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Prof. Roberto de Mattei address Voice of the Family's Rome Life Forum on May 18, 2017.Claire Chretien / LifeSiteNews

ROME, May 18, 2017 (LifeSiteNews) — Famed Catholic historian Roberto de Mattei says the family is facing a “profound crisis” as the result of a sexual revolution that unleashed its greatest violence in the 1960s, but had its “first decisive moment” in the Protestant Reformation.

“This crisis is founded on the idea that only in the sexualization of society, the revolutionary process can find its fulfillment,” de Mattei, former professor at the European University of Rome and founder of the Lepanto Institute, told participants at the fourth annual Rome Life Forum on Monday.

Read Professor de Mattei’s full talk here.  

“The act of procreation is the object of anti-Christian hate, because this affirms that man has an end which surpasses him,” he said.

“The negation of procreation turns Christian morals upside down and affirms a Gnostic metaphysical principle: sex as an ultimate end of man, closed up in its own immanence.”

Indeed, “hate for the family characterizes all the heretical sects,” including medieval sects that proclaimed man was “divinized” and promiscuous sex a return to the state of Adam and a liberation.

These were harbingers of the greater assault against the family that followed the “religious revolution” that “exploded with all its virulence” after Martin Luther nailed his theses to the door of Wittenberg Cathedral on Hallowe’en 1517.

Out of this came “antinomianism” — or negation of the moral law — preached and lived by Anabaptists, for whom “as for the Gnostics of the first centuries, the ‘spiritual’ man is incapable of sin,” de Mattei said.

The Anabaptist belief that man had recovered his original innocence led to a reign of terror by self-proclaimed prophets in Münster, as well as Familists sect in Friesland, and the Ranters and Libertines in England.

“Sexual promiscuity, nudism, and free love become in these sects, a fundamental ritual,” de Mattei said.

While these attempts at a “pan-sexual utopia” were ultimately crushed by the state, the heresy persisted and moved from the “religious level to the political level” in the French Revolution.

When the revolutionaries stormed the Bastille on July 14, 1789, to release political prisoners, they found only seven prisoners, but among these was the notorious Marquis de Sade, who thereupon joined and influenced the revolution, according to de Mattei.

De Sade, who died in an insane asylum, provided the theory of “revolutionary pansexualism,” de Mattei said, and “listed as revolutionary achievements the following: blasphemy, theft, homicide and every type of sexual perversion, incest, rape, sodomy.”

De Mattei quoted a character in De Sade’s novel The Story of Juliette who expresses a desire to marry “twice in one day. At ten of the morning, dressed as a woman, I desire to marry a man; at twelve, dressed as a man, I desire to marry a homosexual dressed as a woman.”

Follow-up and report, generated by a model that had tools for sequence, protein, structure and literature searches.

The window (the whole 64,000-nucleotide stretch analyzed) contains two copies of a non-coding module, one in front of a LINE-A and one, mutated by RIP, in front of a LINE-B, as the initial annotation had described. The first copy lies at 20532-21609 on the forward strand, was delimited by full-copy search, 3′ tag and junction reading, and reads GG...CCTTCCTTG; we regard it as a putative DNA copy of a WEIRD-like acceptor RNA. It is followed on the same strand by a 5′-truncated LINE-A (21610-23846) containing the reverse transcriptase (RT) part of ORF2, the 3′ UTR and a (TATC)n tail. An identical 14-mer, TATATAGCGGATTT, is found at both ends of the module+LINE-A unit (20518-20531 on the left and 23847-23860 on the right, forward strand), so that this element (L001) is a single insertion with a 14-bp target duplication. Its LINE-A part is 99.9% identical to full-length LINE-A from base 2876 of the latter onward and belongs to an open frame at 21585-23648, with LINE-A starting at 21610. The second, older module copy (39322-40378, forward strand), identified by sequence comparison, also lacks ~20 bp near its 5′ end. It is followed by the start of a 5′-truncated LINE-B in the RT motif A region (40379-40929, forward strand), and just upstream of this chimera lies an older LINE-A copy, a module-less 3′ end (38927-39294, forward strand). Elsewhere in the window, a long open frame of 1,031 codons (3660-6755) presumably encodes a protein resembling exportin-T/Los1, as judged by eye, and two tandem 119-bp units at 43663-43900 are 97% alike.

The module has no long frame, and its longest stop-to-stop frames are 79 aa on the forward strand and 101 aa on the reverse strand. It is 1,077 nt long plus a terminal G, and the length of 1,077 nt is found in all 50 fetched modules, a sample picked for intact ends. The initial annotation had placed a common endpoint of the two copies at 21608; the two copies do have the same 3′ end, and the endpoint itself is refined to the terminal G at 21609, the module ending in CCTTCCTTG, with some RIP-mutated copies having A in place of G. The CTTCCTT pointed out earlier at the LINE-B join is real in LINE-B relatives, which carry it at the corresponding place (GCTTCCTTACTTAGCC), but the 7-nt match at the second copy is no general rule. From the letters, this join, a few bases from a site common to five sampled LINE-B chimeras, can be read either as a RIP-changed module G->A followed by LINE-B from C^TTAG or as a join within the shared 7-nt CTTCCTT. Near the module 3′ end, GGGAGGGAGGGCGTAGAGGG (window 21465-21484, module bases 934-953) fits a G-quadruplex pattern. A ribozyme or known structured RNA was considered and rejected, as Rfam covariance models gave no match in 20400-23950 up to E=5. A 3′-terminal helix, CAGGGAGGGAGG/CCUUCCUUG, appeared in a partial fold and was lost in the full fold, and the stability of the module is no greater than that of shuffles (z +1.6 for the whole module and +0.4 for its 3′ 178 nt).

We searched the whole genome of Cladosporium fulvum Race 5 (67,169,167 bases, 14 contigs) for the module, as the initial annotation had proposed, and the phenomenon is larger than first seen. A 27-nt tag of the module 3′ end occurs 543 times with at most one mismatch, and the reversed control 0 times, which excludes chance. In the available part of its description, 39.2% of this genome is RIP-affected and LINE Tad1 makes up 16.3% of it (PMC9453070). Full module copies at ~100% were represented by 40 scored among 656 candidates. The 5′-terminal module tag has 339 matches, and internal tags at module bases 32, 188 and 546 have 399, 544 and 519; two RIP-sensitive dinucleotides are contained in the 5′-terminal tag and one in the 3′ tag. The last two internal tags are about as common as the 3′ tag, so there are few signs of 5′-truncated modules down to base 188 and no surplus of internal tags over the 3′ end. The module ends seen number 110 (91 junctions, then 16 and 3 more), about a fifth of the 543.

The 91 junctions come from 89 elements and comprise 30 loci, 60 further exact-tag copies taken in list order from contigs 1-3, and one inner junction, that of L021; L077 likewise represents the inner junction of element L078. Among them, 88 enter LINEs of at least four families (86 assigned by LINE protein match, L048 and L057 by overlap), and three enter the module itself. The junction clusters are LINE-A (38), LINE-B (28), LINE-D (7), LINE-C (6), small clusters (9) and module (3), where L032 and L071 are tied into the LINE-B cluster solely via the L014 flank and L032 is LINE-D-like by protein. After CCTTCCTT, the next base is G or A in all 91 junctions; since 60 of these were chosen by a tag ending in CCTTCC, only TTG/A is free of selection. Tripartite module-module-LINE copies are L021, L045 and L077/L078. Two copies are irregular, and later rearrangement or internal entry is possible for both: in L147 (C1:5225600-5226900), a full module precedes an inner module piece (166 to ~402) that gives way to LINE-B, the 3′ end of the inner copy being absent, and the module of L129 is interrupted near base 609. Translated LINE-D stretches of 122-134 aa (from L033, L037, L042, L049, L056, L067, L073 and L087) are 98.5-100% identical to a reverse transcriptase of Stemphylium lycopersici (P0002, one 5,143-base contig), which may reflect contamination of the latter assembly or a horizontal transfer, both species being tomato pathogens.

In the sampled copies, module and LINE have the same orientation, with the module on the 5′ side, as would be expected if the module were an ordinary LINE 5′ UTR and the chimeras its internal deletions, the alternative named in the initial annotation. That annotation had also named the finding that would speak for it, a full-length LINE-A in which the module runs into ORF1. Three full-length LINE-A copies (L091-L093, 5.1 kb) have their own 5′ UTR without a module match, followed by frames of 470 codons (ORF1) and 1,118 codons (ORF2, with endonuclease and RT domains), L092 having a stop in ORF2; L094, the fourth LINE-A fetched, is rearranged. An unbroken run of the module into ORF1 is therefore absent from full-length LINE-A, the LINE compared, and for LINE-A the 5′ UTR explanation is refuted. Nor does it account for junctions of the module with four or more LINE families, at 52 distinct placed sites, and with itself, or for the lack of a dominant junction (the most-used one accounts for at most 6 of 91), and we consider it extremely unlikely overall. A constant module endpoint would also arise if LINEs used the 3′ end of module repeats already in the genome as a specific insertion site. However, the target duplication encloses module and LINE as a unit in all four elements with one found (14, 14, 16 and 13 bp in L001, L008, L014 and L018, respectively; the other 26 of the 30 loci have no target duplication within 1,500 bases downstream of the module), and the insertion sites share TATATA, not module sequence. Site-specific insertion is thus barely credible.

“All gender theory is already contained in these words,” de Mattei said.

Moreover, “De Sade wants to convince us that vice is a virtue, that horror is beautiful, and that torment is a pleasure. In this sense, his vision of the world is satanic,” said de Mattei.

“The last two centuries have seen his plans realized, to a great extent. That which still hasn't come to pass is, maybe, part of our future.”

The French Revolution, which implemented divorce, among other things, was brought to completion by the Bolshevik Russian Revolution, de Mattei said.

The Bolsheviks introduced divorce a few weeks after seizing power in 1917, and in 1920 they legalized abortion, the “first time in the world that the procedure was available without restriction,” de Mattei said. In 1922, the Bolsheviks decriminalized prostitution and homosexuality.

De Mattei also detailed the influence of the Austrian psycho-analyst Wilhelm Reich, who wrote the seminal text for “Marx-Freudism,” and who saw “the family as the repressive social institution par excellence, and affirmed that the nucleus of happiness is sexuality.”

These ideas spread to the West and were disseminated by influential intellectuals such as Herbert Marcuse and Michel Foucault.

And the Catholic Church, the “one force alone” that could have “stopped this process of moral dissolution,” had its “own revolution” in the Second Vatican Council of 1962 to 1965, noted de Mattei.

“We did not arrive at Pope Francis' Exhortation Amoris laetitia (2016) in a single day,” he said. “Fifty years were necessary, but the roots are there, in the Second Vatican Council.”

Added de Mattei: “And the Council didn't do anything except search for a compromise between the doctrine of the Church and the anti-Christian theories of the modern Cultural Revolution.”

The “remedy” to the crisis is “indicated by Pius XI in Casti connubii: meditate on the Divine idea of the family and marriage, and live in conformity to this model,” concluded de Mattei.

The family, he said, “contains life, in itself. Physical life contained in the cribs which multiply, and spiritual life, expressed by parents and children united in prayer to God Who can do everything.”

He also pointed out that at Fatima, “Our Lady announced that Russia would spread its errors in the world.

The message of Fatima is “a message against any form of Gnostic and Egalitarian ideology, as it was [against] socialism in the twentieth and twenty-first century,” de Mattei said.

“The last apparition of Fatima October 13, 1917, that of the Holy Family, constitutes in this sense a manifesto which sums up all our principles and which opposes all the errors of our time.”

The full text of Professor de Mattei’s talk is available on LifeSiteNews here.  

The Rome Life Forum was organized by Voice of the Family and takes place May 18 and 19.